Trip Highlights: Southern Royal Albatross, Spectacled Petrel and thousands of Pintado Petrels. Also four Humpback Whales and hundreds of Common Dolphins!
Spectacled Petrel photographed by by guide Cliff Dorse with Cape Town Pelagics.
Southern Royal Albatross photographed by guide Cliff Dorse with Cape Town Pelagics.
Eight excited birders gathered at the Hout Bay Harbour on Saturday the 29th of June for a Cape Town Pelagic Trip, guided by Cape Town Pelagics trip leader Cliff Dorse. We were soon on board and heading in a south westerly direction to the heart of the trawling grounds. While the weather and sea conditions were forecast to be very fine, there was still a bit of a chop on the water and we all clustered in the warmth of the cabin as we sped towards our destination. We did not stop for the first White-chinned Petrels, Sooty Shearwater, Shy Albatross or Subantarctic Skuas of the day, knowing full well that we would have ample opportunity to enjoy these species out in the deep. We did detour and stop for a group of about 200 Common Dolphin which were moving in a tight group and with great determination towards the south.
Our Skipper managed to locate a trawler on the horizon and we headed in that direction. As we approached we could see five fishing vessels in the vicinity. There were birds everywhere, and we soon added Antarctic Prion, Wilson’s Storm Petrel and Pintado Petrel to the tally. We also had a group of three Humpback Whales which gave reasonable views. The first trawler we inspected had very few birds in attendance as it had clearly not lifted its nets yet that morning and was not processing any fish. The second vessel had vast clouds of Pintado Petrels working in her wake. It was a spectacular experience to be surrounded by thousands of these charming birds as they chattered and fed in the wake of the trawler. We also added both Northern and Southern Giant Petrel and Indian Yellow-nosed Albatross to the day list before heading off to yet another trawler. The birds were spoilt for choice and there were now 10 trawlers visible in the immediate area. Most of the birds, especially the albatross, seemed to have been gorged and they lazed around in loose rafts as far as the eye could see. Even the surfacing of a net did little to increase the excitement of the birds!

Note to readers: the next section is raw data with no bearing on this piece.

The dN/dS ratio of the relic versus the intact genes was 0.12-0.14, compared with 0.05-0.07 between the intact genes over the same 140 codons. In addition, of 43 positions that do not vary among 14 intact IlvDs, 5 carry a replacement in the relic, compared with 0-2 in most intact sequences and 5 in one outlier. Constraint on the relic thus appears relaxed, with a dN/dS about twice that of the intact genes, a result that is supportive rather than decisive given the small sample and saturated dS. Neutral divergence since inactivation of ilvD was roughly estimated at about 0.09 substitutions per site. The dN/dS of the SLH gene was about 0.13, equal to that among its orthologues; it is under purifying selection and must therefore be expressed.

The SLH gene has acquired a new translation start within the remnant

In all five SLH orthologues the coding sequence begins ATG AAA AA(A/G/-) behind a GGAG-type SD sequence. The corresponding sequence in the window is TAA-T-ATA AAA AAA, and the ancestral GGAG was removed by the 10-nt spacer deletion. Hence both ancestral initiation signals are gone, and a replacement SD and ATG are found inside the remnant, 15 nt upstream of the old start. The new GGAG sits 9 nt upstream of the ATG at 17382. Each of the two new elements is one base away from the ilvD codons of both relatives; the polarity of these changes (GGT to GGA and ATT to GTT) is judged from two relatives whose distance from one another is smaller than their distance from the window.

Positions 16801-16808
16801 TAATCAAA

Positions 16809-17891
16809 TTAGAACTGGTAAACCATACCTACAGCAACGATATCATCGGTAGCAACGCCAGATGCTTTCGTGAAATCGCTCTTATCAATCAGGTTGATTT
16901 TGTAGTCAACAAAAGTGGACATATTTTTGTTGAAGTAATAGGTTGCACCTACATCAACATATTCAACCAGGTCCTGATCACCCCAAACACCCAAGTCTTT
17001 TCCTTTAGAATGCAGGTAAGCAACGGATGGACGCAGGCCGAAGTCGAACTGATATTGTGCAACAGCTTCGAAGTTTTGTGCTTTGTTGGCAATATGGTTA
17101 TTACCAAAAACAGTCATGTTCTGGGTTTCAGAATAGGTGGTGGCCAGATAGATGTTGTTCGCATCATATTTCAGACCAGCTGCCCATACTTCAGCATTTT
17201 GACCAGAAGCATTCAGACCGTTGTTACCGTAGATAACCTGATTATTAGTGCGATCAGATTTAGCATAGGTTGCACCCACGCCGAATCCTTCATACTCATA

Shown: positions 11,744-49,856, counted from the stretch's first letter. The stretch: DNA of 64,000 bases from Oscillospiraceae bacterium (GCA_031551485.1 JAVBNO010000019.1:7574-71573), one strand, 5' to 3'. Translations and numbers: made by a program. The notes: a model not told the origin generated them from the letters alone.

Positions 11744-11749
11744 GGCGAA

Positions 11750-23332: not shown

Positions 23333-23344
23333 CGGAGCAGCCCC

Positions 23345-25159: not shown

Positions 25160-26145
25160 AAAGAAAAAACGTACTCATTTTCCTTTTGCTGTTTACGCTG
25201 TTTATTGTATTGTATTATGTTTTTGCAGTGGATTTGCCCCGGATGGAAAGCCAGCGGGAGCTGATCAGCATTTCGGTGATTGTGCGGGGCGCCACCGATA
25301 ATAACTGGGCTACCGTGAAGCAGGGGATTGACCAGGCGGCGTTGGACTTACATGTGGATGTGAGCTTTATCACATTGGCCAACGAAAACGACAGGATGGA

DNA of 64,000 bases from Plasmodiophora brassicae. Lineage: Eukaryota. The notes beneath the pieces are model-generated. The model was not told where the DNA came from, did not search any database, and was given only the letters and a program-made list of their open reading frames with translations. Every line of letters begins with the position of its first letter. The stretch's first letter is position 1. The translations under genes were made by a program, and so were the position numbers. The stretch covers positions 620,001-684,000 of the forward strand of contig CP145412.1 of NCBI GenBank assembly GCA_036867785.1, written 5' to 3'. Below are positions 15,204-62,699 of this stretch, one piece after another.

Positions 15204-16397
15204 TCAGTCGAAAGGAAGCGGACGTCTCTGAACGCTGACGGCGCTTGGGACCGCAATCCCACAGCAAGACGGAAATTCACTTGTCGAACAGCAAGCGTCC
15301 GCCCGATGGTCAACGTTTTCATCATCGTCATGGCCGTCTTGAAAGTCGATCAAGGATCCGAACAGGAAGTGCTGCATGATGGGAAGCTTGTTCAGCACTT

We systematically worked between the trawlers making an effort to visit any of the large rafts of albatross which were in striking distance. We were eventually rewarded when a shout of Royal Albatross rang through the air and our skipper changed course and headed after the bird. It landed on the water but did not allow close approach and was soon on the wing again. Now, with better views, it was clear that we were looking at a juvenile Southern Royal Albatross. As we followed the bird we suddenly became aware that there were two large white backed albatross ahead of us. Unfortunately, the second bird disappeared into the distance and while definitely a Royal, we could not be sure of which species.
Conditions were spectacular and the sea had flattened off and there was almost no wind. We drifted, enjoying the large numbers of Antarctic Prions which were feeding in the area, the photographers making the most of the ideal conditions. We added a single Antarctic Tern as we headed to a trawler which had 1000’s of Pintado Petrels feeding in her wake. Our persistence was again rewarded when a Spectacled Petrel was seen sitting on the water a few meters from the boat. The bird was very obliging and all on board had great views of this special bird.
It was now 15h00 and we had to head for home. The trip back was relatively uneventful but allowed us views of Swift Tern, African Penguin and feeding Cape Cormorants just off Hout Bay.
The following is a list of the species seen during the course of the day. The numbers reflected can be considered as rough estimations only.
Southern Royal Albatross 1 (possibly 2)
Shy Albatross c.750
Black-browed Albatross c.1000
Indian Yellow-nosed Albatross 3
Pintado Petrel c.10000
White-chinned Petrel c.500
Spectacled Petrel 1
Sooty Shearwater c.200
Antarctic Prion c. 2000
Wilson’s Storm Petrel c.100
Subantarctic Skua c.100
Antarctic Tern 1
The following species were common close to the coast:
Common Dolphin c. 200
Humpback Whale 4
Cape Fur Seal Common
A message from Cape Town Pelagics:
A huge thank you to our experienced skippers who are
able to safely lead us to the best birding areas and
skillfully manoeuvre the boat into just the best position
while all on board are busy concentrating on the birds!
Coordinating a pelagic trip over a year in advance
with guests from all across South Africa and different
countries around the world requires an organised office
team. We thank them for their special eye for detail
- and for the sometimes last-minute rearrangements
and frustration if the weather delays the trip to
another day! Our biggest thank-you is to our Cape
Town Pelagics guides who take time out of their work,
often involving seabirds and conservation, and time
away from their families, to provide our guests with
a world-class birding experience. Cape Town Pelagics
donates all it profits to seabirds, and so all the
participants who join the trip make a contribution
towards bird research and conservation - a big thank
you from all of us.
Trip Report by Cape Town Pelagics
guide Cliff Dorse.
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